As the Prime Minister said recently in the UK’s Integrated Review, tackling climate change and biodiversity loss are now the UK’s top international priority.
So, we want short-term targets from all countries, particularly the G20, that put them on a path to net zero.
And policies that make them a reality.
So, as the world repairs the economic damage inflicted by Covid-19, we are urging governments to plan for green recoveries.
And we are calling on them to commit to stopping the sale of new petrol and diesel vehicles.
To ending new coal power. And to phasing out existing plants.
Policies that we know can help to simulate investment, by providing business and investors with clarity and confidence.
Secondly, to reach global net zero, we need finance.
It is the vital ingredient that turns ambition into action.
And that’s why it is a key priority of the UK’s COP Presidency.
We want to get finance flowing to climate action, particularly in developing countries.
So, we are working with donor countries and multilateral development banks on public finance, including to increase the actual sums that are available.
And to get more money to helping countries to adapt to the impacts of an already changing climate.
Public finance is, of course, absolutely vital.
But it is private finance that will get us to the trillions required for global net zero.
So, we are also working to unleash private investment. And ensuring every financial decision takes climate into account.
I am calling on all financial institutions to join the Race to Zero.
By signing up to campaigns such as the Net Zero Asset Managers Initiative, Net Zero Asset Owners Alliance, and Business Ambition for 1.5 degrees.
And I am urging them to disclose in line with the Task Force on Climate-related Disclosures recommendations.
To increase finance in emerging markets and developing countries.
And to commit to the finance principles of the Powering Past Coal Alliance - which aims to speed up the move from coal to clean energy.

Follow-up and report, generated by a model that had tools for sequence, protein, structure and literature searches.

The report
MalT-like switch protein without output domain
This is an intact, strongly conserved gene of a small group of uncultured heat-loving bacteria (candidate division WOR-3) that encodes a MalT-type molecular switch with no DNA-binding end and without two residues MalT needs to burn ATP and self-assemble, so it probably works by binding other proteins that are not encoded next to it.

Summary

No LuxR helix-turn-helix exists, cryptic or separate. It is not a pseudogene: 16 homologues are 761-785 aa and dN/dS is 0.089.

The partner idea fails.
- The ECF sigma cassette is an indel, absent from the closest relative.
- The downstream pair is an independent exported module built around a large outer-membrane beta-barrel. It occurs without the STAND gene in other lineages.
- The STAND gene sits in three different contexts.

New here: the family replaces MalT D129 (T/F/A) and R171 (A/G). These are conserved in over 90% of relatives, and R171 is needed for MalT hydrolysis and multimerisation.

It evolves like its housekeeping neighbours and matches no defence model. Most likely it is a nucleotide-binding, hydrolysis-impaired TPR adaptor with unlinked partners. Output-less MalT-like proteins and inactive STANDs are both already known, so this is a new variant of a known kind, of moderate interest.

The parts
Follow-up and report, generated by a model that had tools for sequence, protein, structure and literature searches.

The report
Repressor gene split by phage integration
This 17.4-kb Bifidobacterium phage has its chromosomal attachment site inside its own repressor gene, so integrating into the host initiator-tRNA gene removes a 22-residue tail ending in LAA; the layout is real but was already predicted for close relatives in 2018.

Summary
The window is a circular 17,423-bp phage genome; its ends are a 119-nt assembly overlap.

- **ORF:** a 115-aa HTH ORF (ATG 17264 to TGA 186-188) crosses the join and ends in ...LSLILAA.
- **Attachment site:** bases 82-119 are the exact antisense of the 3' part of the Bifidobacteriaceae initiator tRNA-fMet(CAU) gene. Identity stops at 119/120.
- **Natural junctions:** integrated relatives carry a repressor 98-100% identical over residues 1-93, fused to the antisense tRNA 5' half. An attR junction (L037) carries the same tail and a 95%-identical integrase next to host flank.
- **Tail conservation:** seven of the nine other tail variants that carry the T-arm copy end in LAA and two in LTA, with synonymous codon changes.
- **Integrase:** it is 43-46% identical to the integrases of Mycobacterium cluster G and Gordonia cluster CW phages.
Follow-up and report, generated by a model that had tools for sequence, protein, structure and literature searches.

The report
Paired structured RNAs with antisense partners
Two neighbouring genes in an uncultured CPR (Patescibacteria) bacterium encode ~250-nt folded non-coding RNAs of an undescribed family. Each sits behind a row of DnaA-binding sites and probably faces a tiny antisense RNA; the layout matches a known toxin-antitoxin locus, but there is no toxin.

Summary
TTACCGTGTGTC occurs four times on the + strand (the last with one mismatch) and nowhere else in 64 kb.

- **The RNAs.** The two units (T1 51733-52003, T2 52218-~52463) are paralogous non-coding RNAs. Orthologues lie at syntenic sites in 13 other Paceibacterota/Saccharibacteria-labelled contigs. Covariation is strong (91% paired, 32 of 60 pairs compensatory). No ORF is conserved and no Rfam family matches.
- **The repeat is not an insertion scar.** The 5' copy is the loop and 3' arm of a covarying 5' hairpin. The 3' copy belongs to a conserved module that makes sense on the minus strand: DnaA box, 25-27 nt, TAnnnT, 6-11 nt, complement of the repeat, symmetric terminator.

There is real momentum building up across financial sectors.
The Net Zero Asset Managers Initiative was launched in December last year.
And as of mid-March, asset managers representing over $9 trillion of assets under management have joined.
That’s around 10 percent of global assets under management.
And the numbers are growing rapidly, with new signatories announced yesterday.
Earlier this month, Aviva set a 2040 net zero target.
And, as a major fund manager, it wrote to the biggest emitters in its portfolio, to say it will divest if it does not see serious engagement on emissions reductions.
My challenge to other fund managers is: will you do the same?
Many corporates have understood that climate risk is financial risk.
And the move to net zero presents enormous opportunities for financial institutions.
According to the charity CDP, 215 of the biggest global companies report almost $1 trillion at risk from climate impacts.
And yet, together, their potential gains from the move to a clean economy stand at over $2trillion.
Finally, to reach global net zero, we must work together.
That is why enhancing international collaboration is another of the key priorities of the UK’s COP26 Presidency.
And we are working to build consensus among governments, ahead of COP26 so that the negotiations in Glasgow are a success.
Including, on issues like Article 6 of the Paris Agreement, which relates to carbon markets.
And we are building-up collaboration among policy-makers, investors, business and civil society, around critical sectors like clean energy and clean transport.
Because with well-targeted collaboration in each sector, we can create economies of scale, we can spur innovation, and increase incentives for investment.
And thereby creating a means to deliver emissions reductions at the scale and pace required to meet global net zero.
Our COP26 Climate Champion, Nigel Topping, who you have heard from today, together with the COP25 Climate Champion, Gonzalo Muñoz, is also doing brilliant work here.
Corralling business and other non-state actors to sign-up to achieving net zero emissions.
And I am fully behind them.
Because with action from business and investors, from governments and civil society, we can up our ambition, get finance flowing, and collaborate successfully.
Growing our economies.
Creating jobs and prosperity.
Whilst reaching global net zero, together.